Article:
John Comitis believes that while local soccer authorities may be guided by what’s happening abroad, SA is different. Ryan Wilkisky BackpagePix
John Comitis believes that while local soccer authorities may be guided by what’s happening abroad, SA is different. Ryan Wilkisky BackpagePix

Comitis: Yellow card for spitting is excessive

By Herman Gibbs Time of article published May 15, 2020

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CAPE TOWN - Cape Town City boss John Comitis says some of the new rules for soccer issued by Fifa will not pose problems, but the matter of a yellow card for spitting will be “hard to police” and is excessive.

It is not yet known when soccer in South Africa will be resumed, but the guardians of the game are working feverishly behind the scenes to prepare for rebooting the local season.

The new rules are five substitutions, 23 players match day squads, temperature check of everyone entering the stadium, teams travelling by bus will use two buses, no handshakes, yellow cards for spitting and change of kits at half-time.

“Spitting is not always deliberate, it can be a subconscious thing,” said Comitis. “Players are now more educated than ever and they know it can be risky in terms of spreading germs.

“I have been a player myself, and I spat at times. I can honestly say I have never done it deliberately.

“As it is many players chew gum and that makes them salivate more. Also, players become tired and in turn ups your breathing rate. You will be inclined to spit as part of a natural reaction.

“I think it’s excessive and issuing a yellow card can lead to problems as well.

“What happens if a club disputes the card and says the player didn’t spit? What happens if the cameras used in the match did not pick up the spitting action? How will spitting be policed?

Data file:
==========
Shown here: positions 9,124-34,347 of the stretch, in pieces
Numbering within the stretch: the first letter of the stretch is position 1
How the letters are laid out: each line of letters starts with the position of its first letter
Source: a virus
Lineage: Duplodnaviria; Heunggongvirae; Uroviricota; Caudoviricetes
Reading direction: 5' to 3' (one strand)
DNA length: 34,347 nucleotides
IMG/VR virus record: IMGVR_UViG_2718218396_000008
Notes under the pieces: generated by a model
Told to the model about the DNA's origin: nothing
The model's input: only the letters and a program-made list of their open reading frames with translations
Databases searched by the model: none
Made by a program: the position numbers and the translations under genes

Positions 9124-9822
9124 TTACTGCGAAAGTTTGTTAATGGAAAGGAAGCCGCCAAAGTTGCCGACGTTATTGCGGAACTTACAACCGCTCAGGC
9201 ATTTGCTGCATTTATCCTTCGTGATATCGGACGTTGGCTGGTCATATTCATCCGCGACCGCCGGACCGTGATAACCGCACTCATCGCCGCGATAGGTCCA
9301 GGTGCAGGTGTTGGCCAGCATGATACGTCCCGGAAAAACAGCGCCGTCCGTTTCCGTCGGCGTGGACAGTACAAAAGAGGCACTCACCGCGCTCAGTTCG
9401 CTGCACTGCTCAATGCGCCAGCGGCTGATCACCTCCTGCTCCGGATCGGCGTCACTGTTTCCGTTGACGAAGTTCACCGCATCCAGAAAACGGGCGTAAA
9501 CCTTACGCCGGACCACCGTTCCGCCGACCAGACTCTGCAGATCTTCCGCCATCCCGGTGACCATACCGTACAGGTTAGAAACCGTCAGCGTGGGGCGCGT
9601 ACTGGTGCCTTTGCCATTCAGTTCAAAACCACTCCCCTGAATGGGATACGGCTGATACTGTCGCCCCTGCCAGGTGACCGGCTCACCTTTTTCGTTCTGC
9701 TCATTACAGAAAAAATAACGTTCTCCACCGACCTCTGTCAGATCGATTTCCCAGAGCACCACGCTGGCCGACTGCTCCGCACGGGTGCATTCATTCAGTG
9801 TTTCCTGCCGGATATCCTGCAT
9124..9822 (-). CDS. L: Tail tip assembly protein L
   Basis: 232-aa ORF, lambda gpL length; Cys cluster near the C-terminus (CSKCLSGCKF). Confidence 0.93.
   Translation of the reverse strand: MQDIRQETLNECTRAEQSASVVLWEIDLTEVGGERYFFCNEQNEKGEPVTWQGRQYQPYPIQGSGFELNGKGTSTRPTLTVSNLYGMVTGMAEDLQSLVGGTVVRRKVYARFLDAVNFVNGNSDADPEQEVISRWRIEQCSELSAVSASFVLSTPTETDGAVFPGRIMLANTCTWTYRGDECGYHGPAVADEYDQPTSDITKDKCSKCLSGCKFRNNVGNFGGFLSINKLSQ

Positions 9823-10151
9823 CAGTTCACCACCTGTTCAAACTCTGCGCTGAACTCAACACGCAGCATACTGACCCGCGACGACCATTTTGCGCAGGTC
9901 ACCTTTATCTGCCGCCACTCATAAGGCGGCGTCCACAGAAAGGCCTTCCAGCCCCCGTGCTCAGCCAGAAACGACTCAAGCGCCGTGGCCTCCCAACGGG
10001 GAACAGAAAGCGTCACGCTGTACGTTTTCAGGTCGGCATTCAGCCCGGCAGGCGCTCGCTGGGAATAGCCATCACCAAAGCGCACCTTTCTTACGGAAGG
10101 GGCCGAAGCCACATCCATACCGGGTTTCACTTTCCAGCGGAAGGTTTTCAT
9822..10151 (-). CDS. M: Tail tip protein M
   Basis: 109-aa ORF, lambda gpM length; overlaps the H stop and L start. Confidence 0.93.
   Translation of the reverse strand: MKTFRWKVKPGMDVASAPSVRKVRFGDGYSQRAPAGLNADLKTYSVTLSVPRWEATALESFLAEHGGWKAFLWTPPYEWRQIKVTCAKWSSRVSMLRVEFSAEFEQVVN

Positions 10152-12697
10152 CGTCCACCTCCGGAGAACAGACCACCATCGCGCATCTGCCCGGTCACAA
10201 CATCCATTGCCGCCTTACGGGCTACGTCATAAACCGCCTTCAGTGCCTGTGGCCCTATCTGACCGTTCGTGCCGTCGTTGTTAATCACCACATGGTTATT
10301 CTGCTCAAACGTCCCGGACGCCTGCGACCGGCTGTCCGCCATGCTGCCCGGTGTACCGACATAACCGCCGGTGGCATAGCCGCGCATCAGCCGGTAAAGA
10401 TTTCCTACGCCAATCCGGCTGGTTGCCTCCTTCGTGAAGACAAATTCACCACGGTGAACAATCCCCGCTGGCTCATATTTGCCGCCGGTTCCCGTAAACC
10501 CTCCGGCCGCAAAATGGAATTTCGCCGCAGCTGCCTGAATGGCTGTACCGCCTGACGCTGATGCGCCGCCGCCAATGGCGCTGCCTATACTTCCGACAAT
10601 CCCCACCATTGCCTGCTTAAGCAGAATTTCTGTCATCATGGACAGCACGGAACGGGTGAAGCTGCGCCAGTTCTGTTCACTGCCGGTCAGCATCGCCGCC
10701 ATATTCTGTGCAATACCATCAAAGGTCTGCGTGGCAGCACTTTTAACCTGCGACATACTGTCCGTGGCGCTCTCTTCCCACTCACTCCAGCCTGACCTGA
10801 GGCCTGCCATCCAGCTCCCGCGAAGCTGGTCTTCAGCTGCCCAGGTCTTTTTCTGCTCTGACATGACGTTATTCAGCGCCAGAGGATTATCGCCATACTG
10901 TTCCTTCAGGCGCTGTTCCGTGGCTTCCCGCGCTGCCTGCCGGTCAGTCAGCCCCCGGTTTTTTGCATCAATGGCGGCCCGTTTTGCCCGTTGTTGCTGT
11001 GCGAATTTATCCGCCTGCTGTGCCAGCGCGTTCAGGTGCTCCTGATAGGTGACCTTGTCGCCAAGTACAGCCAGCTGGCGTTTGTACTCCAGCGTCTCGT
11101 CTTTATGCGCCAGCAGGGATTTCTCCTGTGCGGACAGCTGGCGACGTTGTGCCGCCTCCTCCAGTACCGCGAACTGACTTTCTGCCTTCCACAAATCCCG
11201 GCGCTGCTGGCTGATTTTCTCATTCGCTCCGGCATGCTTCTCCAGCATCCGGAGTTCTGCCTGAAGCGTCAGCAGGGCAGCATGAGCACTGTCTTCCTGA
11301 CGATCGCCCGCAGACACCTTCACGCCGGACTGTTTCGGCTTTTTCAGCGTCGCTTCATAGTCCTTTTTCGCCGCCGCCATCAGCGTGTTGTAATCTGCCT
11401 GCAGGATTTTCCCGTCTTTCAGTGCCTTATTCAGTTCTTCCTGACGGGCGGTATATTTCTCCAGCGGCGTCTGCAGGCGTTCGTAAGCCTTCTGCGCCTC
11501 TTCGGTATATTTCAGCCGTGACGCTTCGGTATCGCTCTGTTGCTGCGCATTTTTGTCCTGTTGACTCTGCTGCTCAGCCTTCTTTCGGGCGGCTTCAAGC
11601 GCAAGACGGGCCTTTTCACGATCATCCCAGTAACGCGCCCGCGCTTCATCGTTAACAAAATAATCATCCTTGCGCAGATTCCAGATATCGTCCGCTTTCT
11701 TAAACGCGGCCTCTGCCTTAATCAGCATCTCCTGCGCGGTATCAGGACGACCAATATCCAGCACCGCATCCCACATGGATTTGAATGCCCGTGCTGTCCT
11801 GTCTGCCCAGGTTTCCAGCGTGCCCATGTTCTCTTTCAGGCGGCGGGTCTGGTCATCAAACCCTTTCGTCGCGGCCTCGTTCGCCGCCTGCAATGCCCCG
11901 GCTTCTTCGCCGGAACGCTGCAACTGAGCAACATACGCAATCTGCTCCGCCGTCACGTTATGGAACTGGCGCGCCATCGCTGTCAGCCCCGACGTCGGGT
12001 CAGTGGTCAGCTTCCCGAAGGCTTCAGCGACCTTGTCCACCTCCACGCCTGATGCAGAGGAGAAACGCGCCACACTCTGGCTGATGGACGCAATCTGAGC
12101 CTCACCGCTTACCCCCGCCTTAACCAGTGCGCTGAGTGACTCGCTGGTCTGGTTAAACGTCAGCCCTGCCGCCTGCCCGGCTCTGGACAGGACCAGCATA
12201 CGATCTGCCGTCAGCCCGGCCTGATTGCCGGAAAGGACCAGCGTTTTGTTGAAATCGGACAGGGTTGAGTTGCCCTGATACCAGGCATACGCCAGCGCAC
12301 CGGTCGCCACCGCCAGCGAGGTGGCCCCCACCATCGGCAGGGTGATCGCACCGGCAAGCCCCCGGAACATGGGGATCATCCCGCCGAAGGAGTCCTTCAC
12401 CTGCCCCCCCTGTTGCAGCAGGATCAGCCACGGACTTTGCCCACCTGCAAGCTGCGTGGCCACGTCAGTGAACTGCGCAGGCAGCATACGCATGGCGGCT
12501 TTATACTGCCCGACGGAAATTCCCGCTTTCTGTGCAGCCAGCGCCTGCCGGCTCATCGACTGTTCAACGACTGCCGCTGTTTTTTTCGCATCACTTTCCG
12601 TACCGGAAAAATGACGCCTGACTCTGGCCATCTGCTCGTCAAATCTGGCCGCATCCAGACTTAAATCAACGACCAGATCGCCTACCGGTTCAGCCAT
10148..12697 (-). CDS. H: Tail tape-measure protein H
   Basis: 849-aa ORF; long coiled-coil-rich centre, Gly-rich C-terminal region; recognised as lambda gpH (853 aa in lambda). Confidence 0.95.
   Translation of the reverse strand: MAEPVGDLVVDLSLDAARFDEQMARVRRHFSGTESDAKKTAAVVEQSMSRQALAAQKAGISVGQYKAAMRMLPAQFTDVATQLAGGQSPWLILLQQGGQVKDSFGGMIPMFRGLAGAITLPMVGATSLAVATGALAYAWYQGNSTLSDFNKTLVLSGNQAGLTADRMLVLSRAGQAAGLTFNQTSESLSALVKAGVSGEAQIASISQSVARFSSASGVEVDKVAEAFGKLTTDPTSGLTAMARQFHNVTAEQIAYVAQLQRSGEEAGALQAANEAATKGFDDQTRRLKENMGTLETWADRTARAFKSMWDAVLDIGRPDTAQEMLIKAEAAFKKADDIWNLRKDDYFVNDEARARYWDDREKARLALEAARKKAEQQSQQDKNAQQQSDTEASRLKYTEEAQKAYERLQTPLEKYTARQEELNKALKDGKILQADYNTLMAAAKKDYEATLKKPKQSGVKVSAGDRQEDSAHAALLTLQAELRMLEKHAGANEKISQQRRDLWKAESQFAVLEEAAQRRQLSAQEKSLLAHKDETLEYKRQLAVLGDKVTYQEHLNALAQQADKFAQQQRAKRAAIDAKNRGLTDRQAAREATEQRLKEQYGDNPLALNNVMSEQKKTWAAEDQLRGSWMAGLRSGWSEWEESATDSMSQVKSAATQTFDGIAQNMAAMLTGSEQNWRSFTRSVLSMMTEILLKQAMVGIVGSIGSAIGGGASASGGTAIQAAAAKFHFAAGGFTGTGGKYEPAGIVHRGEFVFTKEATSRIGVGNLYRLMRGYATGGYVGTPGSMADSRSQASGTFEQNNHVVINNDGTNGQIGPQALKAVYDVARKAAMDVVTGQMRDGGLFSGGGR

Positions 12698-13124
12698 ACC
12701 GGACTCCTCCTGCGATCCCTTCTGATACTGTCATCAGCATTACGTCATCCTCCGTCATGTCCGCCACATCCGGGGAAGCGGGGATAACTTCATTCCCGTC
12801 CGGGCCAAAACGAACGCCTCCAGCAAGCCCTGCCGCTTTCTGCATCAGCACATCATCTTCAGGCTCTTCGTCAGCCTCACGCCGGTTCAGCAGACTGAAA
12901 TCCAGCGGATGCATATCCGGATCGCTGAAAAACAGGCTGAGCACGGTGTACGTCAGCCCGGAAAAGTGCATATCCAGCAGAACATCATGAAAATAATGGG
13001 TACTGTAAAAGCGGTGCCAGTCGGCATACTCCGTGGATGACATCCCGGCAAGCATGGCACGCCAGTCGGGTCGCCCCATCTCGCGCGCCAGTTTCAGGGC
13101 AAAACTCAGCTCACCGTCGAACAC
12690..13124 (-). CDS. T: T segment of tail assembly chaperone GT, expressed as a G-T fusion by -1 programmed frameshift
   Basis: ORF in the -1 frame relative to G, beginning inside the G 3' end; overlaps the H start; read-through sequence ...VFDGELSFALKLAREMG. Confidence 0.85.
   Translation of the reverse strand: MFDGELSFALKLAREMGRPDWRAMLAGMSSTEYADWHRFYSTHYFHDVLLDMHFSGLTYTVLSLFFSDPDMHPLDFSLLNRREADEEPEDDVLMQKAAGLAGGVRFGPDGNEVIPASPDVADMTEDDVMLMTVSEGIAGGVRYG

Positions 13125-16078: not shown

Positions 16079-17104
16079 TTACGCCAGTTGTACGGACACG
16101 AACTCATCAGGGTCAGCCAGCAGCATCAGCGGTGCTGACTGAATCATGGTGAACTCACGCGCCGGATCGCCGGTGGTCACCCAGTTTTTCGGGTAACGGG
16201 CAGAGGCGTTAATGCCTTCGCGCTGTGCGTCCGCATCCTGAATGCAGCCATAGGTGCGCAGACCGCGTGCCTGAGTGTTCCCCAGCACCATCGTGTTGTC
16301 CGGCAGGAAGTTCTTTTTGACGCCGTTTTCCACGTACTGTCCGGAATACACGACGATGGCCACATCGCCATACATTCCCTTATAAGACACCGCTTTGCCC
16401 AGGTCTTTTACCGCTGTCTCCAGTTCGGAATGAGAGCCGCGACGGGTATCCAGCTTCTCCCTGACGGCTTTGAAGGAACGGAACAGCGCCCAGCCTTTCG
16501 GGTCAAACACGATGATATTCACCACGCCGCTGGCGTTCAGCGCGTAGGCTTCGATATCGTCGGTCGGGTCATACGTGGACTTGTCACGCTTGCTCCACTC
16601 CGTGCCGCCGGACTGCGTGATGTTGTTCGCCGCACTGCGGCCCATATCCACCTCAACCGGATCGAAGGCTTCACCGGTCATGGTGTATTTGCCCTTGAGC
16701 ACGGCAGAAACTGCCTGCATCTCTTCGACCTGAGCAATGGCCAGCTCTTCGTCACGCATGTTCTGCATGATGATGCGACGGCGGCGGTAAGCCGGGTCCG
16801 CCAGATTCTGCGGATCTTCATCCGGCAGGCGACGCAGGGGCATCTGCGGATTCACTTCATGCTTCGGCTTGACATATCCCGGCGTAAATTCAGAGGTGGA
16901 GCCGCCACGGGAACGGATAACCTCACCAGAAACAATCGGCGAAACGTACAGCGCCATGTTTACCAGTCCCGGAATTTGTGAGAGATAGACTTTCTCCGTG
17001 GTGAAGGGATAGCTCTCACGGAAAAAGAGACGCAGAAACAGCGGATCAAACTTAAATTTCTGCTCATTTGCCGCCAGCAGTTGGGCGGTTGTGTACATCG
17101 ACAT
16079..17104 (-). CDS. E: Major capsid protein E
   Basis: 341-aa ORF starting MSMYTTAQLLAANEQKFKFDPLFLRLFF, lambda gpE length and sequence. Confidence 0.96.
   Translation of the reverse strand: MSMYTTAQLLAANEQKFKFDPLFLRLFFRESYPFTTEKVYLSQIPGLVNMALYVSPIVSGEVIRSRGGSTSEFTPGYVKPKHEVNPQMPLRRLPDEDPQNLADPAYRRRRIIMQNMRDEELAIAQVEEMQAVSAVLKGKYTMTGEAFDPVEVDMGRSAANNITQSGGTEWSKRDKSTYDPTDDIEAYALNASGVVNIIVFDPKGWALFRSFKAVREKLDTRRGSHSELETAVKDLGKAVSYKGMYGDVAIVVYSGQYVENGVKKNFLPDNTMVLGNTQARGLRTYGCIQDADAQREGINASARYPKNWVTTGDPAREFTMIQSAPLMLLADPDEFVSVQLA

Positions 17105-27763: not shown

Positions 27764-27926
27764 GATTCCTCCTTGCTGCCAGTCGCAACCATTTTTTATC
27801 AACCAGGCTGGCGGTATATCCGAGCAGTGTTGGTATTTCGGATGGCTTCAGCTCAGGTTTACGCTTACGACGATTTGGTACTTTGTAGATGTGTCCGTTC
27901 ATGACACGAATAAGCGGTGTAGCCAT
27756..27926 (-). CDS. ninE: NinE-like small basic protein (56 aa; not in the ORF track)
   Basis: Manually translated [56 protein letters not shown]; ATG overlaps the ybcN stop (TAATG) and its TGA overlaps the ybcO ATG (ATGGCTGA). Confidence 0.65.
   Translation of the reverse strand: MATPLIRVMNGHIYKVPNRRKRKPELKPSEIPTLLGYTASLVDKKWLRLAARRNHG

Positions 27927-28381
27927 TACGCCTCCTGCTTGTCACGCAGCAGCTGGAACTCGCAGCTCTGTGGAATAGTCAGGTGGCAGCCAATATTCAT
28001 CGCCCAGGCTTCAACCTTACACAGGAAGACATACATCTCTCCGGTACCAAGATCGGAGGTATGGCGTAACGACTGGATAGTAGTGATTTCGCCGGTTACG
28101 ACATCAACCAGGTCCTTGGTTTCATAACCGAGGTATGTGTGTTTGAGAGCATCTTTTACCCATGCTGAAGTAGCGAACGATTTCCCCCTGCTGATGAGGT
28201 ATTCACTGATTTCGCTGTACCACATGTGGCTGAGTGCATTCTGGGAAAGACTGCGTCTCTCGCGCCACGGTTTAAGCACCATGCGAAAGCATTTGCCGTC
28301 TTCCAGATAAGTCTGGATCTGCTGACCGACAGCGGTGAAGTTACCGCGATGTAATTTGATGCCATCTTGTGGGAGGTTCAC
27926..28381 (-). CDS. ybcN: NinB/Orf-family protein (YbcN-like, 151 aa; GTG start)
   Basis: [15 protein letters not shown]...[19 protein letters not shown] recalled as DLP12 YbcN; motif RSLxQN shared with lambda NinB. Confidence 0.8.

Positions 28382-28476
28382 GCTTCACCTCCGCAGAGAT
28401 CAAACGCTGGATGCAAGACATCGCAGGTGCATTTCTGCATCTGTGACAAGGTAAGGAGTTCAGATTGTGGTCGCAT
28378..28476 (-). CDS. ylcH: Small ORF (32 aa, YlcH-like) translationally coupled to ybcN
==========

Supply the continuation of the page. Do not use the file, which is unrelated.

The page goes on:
“And then I also fail to see the wisdom of the rule which says the team, when travelling, must use two buses.

“In this country, the 64-seater is a popular choice and since travelling squads will be 30 people, there should not be problems with social distancing.

“We must bear in mind that by the time the squad boards a bus to the match venue, so much testing and self-isolation has been done so what are the chances that this group can spread the virus?

“Fifa has not said a word about heading the ball. When you look at slow-motion action when heading a ball, you will notice there is often a visible splash of sweat that flies off the head. What if that sweat splash lands on another player? Can it be dangerous?

“The change of kits at half-time does not add to our problems. All teams already travel with two kits.”

At this stage, the Premier Soccer League is thinking of completing the season at a centralised venue so that travelling will be reduced to a minimum. In that way, the process of sanitising facilities at the venue rather than at several venues will be less cumbersome.

Most PSL teams have an average of six matches left to complete the domestic league.

Comitis said while soccer authorities may be guided by what’s happening abroad, South Africa is different.

“When you look at most European leagues, teams don’t usually have to fly to venues around the country like in Germany for example,” said Comitis. “It’s not the case in South Africa. Cape Town teams must fly to Joburg and Durban and vice-versa. So, we will need far more monitoring when dealing with Covid-19.”

The government on Wednesday announced that level 4 of national lockdown will remain in place until the end of May, which has put a damper on the season restarting any time soon.

In about 14 days, the country’s soccer organisations are expected to present the government with proposals of how it will adhere to strict safety protocols determined by health authorities.


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